Although the UK’s private residential rental market is relatively unregulated compared with other major European countries, all too often it can seem that the tenant holds the trump cards given the strict and often lengthy processes which have to be followed in order to secure a lawful eviction.
The residential rental sector was substantially deregulated in the 1980’s, with landlords being able to let out properties under Assured Shorthold Tenancies with much greater certainty of being able to get them back even if the tenants were not misbehaving. However, more recent times have brought changes providing greater protection to tenants.
The introduction of legislation to require the protection of tenant’ deposits has tipped the balance somewhat back in favour of the tenant. Even though the rules regarding the handling of tenants’ deposits changed over eight years ago we still come across landlords to whom the changes come as a surprise. This is despite the fact that not complying with these rules comes with potentially serious penalties including, very importantly, it being much harder to get possession back of the property until the rules have been followed. Section 21 notices, which are generally used to bring Assured Shorthold Tenancies to an end, can be invalid if the steps to protect the deposit have not been taken in advance. Monetary claims for compensation can also be brought against landlords who flout the rules.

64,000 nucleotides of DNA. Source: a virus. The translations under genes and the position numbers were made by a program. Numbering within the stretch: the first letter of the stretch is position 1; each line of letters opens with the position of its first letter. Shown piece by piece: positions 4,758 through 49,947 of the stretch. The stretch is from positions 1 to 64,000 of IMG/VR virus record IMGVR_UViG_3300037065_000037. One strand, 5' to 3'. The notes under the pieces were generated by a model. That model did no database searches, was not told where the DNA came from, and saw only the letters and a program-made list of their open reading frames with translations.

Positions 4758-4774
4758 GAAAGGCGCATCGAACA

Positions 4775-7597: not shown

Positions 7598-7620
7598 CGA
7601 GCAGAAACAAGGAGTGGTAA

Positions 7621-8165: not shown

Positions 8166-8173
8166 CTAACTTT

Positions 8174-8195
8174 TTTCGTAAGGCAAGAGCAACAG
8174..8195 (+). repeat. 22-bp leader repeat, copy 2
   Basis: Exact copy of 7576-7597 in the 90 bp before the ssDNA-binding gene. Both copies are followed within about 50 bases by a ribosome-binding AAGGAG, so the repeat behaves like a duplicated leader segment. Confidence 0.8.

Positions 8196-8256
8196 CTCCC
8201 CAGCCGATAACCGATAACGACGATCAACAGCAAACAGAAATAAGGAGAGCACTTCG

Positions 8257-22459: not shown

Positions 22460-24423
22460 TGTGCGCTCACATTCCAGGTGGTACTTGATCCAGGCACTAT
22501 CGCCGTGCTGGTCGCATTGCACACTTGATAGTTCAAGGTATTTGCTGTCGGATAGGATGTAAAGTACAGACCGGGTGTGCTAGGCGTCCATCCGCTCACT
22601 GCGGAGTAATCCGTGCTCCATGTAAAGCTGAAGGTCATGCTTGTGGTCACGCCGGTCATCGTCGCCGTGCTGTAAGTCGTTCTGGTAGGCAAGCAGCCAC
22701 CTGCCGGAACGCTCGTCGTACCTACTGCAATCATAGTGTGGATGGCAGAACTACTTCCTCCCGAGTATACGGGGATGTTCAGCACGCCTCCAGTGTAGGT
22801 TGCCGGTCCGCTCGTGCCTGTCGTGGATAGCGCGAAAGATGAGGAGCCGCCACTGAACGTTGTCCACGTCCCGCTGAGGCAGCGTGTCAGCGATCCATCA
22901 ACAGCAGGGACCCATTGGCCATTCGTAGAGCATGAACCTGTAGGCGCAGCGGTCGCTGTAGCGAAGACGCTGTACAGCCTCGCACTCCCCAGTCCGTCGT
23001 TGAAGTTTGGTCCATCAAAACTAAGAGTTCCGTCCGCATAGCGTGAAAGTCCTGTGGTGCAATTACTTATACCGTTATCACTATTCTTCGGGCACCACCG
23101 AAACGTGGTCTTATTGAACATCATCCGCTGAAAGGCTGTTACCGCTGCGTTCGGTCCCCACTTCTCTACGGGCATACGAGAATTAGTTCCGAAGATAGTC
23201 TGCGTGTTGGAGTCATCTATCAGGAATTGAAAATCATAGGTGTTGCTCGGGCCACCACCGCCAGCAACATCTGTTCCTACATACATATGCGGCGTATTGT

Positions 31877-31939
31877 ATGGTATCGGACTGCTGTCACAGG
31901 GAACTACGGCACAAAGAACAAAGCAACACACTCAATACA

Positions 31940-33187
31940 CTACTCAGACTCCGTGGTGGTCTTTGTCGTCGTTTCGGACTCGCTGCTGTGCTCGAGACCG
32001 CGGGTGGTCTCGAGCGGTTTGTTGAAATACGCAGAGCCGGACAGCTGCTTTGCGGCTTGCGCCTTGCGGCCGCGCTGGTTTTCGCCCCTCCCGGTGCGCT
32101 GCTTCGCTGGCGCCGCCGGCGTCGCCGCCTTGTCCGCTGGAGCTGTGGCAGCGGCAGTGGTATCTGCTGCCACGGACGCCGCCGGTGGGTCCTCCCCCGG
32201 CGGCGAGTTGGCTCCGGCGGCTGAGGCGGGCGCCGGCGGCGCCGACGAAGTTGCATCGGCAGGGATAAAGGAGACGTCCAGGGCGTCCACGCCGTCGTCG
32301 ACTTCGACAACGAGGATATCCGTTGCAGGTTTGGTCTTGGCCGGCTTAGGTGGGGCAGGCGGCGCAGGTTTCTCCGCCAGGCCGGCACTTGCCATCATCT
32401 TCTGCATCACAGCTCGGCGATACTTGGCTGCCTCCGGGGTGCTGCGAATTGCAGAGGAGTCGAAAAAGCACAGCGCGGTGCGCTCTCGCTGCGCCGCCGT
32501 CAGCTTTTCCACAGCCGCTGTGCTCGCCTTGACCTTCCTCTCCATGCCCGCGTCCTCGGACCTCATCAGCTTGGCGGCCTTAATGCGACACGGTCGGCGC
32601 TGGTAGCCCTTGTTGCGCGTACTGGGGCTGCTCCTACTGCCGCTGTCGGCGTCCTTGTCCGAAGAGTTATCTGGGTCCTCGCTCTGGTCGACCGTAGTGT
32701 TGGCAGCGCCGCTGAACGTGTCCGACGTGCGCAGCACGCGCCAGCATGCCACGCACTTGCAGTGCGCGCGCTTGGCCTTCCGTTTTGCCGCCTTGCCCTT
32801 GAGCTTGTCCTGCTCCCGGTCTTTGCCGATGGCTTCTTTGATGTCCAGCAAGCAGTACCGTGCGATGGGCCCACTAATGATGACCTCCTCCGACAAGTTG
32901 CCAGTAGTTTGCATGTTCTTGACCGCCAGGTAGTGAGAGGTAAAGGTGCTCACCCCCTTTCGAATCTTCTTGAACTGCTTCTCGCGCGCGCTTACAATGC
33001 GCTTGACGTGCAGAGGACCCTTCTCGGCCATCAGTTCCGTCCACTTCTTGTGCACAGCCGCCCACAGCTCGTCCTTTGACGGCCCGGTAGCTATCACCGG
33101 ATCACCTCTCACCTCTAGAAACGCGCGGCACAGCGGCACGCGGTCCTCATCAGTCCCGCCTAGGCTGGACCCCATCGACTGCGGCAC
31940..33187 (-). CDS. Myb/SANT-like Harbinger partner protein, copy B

The most recent tenant-friendly legislation comes in the form of the Deregulation Act 2015, which received Royal Ascent this spring. It has long been a complaint of residential tenants that they have been evicted by landlords in response to complaints being made by them about the physical condition of the property. This law in effect bans so called ‘revenge evictions’. More precisely the law makes a Section 21 Notice invalid where the tenant has made a complaint about housing conditions which the landlord has not responded to adequately.
When a landlord gives notice seeking possession, following a complaint about the condition of the property, a court must prevent any attempt to evict a tenant based on a Section 21 notice served in such circumstances. The new rules, which will come into force later this year, will apply in England only as housing is a devolved matter in Scotland, Wales and Northern Ireland.
Research suggests that ‘revenge evictions’ affect hundreds of thousands of tenants every year and given that up to a third of UK residential housing stock is substandard the scale of the problem seems to have compelled the Government to act.
I suspect that reputable landlords across the county will simply see this as yet another thing for them to worry about.